The High Court has given the Central Bank of Kenya thumbs up on the new generation currency notes by determining that there was no violation of the Constitution in the design, that the statue of Mzee Jomo Kenyatta at the Kenyatta International Convention Centre, a national landmark, is an integral part of the building, and is not a portrait. Contentious as that may sound, it settles the matter for now, assuming the petitioner won’t appeal.
Besides, the Court was also in agreement with the CBK on the issue of participation. It held that the regulator carried out extensive, reasonable and all-inclusive public participation, leading to the final design of the currency.
The Court further ruled that CBK had the power and discretion to withdraw the older series Sh1000 notes, that the four-month period for withdrawal was adequate and reasonable, and that CBK had the power and discretion to set the period, adding that CBK discharged its duty properly.
The rationale by the CBK on the withdrawal of the older series Sh1000 notes within four months of the launch of the new generation currency notes was from government’s own admission of an existence of a thriving mafia economy. An economy where a few, well connected, mostly state mandarins hoarded from the mainstream financial systems billions of shillings unaccounted for. If the older notes were to be rendered valueless in 120 days, it would force the mafia to release money back into the economy.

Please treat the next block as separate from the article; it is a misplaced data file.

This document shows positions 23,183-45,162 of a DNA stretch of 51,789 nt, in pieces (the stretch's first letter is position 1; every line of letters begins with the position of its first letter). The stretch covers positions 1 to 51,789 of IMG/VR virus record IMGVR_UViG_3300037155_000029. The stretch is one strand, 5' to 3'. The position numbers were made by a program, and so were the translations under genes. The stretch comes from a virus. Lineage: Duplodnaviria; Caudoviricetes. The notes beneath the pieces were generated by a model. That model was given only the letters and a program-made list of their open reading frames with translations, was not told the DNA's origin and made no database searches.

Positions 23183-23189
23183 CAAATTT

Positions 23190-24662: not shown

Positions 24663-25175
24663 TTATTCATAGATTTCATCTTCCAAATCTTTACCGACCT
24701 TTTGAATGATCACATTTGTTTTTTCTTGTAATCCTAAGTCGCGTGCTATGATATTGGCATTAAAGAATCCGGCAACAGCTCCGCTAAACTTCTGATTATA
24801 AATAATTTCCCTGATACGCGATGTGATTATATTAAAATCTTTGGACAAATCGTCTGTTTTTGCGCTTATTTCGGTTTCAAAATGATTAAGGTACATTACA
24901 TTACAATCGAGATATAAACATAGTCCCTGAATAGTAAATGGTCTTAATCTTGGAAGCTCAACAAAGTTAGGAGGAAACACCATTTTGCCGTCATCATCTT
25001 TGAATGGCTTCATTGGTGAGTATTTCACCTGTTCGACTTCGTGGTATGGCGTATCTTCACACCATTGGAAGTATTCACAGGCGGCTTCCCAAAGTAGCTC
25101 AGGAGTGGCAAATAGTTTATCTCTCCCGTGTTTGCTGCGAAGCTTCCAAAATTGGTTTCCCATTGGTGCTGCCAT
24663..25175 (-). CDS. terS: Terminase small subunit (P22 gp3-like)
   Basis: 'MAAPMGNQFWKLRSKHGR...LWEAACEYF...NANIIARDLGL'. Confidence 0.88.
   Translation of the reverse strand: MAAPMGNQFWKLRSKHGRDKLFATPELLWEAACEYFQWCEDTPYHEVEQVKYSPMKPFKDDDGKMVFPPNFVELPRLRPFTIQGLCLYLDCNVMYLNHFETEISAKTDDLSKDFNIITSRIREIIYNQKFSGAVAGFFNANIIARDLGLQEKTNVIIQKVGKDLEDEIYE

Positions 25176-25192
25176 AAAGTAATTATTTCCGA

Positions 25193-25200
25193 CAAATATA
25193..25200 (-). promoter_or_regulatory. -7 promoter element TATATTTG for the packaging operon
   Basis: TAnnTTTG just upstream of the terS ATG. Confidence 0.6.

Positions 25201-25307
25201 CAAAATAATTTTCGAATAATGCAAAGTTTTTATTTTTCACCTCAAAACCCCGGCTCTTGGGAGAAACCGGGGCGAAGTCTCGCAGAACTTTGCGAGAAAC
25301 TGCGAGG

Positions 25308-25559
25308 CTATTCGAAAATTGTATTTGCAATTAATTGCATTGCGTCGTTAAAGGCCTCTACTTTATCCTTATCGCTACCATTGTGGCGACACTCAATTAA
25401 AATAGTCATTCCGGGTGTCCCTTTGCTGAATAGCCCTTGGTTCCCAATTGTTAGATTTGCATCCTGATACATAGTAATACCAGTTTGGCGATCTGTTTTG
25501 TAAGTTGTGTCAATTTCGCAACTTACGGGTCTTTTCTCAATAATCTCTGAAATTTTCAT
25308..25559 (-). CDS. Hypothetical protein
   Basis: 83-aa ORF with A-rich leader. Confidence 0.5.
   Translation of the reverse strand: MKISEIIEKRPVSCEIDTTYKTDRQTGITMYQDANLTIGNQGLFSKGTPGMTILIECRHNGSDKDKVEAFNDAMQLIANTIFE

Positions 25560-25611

That, however, was to be possible, if the holders of the ill gotten wealth were to follow the stringent laws put forth by the country’s financial regulator. The most notable of these rules was that commercial banks should not accept cash deposits of Sh1m and above without proper explanation by the depositor as to how it was acquired. If the commercial banks were to play to the rule, then the CBK would have achieved its purpose of taming corruption by rendering ill-gotten cash valueless.
Did the commercial banks remain true to the call?
We have witnessed a flurry of activities in the recent past relating to this especially as the deadline approached. Property, including motor vehicles and land were bought by cash at exaggerated value and the harambee movement was scaled up especially in building of churches. The deadline has since come and gone. We hope the CBK will share a detailed report of how effective the withdrawal of the old Sh1000 notes was in flashing out hoarded cash and arresting corruption and what more they are doing moving forward in the effort to tame corruption, arrest and prosecute those who hoard and launder money, a vice that has so crippled the Kenyan economy.